Apr 26, 2007

There seems to be a bit of confusion about the benefits of server virtualization, with many tending to focus on cost savings. As a district that has been running a virtual infrastructure for some time, I can honestly say that virtualization is not so much about saving money (although you certainly will) as it is about better resource utilization, more reliability, and greater flexibility.

Better resource utilization

There is no question that most of our servers are doing nothing about 90% of the time. This becomes quite obvious with even a cursory glance at historical utilization data for any given server. It would seem that the obvious solution for this would be to simply run more applications on each one, but the reality of this is that the more apps you install on one OS, the more unreliable it becomes (especially if it's a Microsoft product.) So, what we all do instead is buy a new machine every time we want a new app that we think is "critical," because we want to be sure it has its own sandbox to play in. Don't even tell me you are running anything but Exchange on your Exchange servers!

So, we find ourselves with racks and racks of servers consuming more and more space (at a cost,) all generating heat which we must cool (at a cost,) all pulling more and more power (at a cost,) all requiring more and more time to manage (at a cost.)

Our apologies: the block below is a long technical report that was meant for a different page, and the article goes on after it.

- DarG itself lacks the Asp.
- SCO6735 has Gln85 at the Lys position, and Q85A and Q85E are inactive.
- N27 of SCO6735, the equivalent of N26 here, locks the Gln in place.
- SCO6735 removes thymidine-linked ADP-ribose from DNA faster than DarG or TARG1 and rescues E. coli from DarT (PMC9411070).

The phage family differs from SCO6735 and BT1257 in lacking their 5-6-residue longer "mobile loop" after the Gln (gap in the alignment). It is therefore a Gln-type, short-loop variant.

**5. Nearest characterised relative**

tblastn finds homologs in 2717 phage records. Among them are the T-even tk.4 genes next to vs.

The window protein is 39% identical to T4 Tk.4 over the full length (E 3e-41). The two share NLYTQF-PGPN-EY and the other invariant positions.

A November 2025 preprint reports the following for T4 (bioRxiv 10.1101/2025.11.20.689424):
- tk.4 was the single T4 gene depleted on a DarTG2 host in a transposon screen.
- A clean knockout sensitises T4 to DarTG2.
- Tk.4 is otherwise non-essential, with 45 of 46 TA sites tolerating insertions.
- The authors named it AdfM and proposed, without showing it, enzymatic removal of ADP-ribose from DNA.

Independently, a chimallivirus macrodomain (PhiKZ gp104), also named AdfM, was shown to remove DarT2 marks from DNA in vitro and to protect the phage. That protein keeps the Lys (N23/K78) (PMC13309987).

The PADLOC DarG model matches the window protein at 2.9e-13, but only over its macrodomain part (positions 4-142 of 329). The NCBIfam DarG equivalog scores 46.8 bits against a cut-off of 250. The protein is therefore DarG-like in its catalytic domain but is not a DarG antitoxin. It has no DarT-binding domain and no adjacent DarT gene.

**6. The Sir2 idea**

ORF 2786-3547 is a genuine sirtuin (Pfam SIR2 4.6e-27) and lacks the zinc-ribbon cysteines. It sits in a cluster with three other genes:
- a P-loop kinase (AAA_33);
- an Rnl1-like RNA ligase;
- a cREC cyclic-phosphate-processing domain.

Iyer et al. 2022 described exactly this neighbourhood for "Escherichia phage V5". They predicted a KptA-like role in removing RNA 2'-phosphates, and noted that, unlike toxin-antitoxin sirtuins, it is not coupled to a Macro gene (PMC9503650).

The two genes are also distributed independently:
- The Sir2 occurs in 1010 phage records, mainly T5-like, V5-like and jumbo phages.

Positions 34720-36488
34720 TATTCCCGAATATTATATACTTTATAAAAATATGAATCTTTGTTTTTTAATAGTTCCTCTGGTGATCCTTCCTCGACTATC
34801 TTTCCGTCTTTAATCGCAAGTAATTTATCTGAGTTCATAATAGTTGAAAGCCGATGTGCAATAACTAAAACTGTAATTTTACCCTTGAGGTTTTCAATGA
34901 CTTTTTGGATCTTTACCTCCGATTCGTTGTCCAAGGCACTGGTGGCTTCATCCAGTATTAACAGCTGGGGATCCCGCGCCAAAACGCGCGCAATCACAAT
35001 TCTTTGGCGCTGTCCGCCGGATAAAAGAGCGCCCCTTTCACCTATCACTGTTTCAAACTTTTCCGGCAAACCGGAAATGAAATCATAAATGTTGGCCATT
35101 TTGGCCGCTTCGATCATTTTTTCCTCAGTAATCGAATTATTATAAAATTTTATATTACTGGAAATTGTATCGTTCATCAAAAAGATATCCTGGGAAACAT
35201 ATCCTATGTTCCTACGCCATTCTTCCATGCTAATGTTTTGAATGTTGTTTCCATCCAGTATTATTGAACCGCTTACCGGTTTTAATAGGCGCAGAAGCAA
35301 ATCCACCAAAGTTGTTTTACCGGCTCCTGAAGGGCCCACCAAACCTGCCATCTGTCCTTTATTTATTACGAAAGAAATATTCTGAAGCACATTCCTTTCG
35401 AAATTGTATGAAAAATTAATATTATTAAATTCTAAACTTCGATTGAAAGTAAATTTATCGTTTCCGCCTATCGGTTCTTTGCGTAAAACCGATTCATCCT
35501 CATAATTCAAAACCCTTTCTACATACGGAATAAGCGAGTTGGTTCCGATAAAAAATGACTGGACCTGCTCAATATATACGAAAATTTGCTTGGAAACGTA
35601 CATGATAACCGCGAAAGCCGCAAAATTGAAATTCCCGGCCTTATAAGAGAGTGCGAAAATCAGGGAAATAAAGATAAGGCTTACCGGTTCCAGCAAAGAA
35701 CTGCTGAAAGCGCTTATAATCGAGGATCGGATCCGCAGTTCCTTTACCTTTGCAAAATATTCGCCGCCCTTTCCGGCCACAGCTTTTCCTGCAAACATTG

Virtualization offers a way to safely put more than one operating system (or virtual server) on one piece of hardware by isolating each operating system from any others running on the box. Essentially, you are establishing a bunch of sandboxes on one piece of hardware. If one of the virtual servers crashes, hard or soft, it will have no impact on any of the others on the box. Hardware resources are better used since, rather than having 10 independent servers running at 10 percent utilization each, you can have 2 running 5 virtual servers each for a total of 50 percent utilization per box. Better still, if designed properly (more on that later,) should a virtual server require more resources, it can easily and instantly be moved to a machine that offers more, often live and transparently to its end users.

More reliability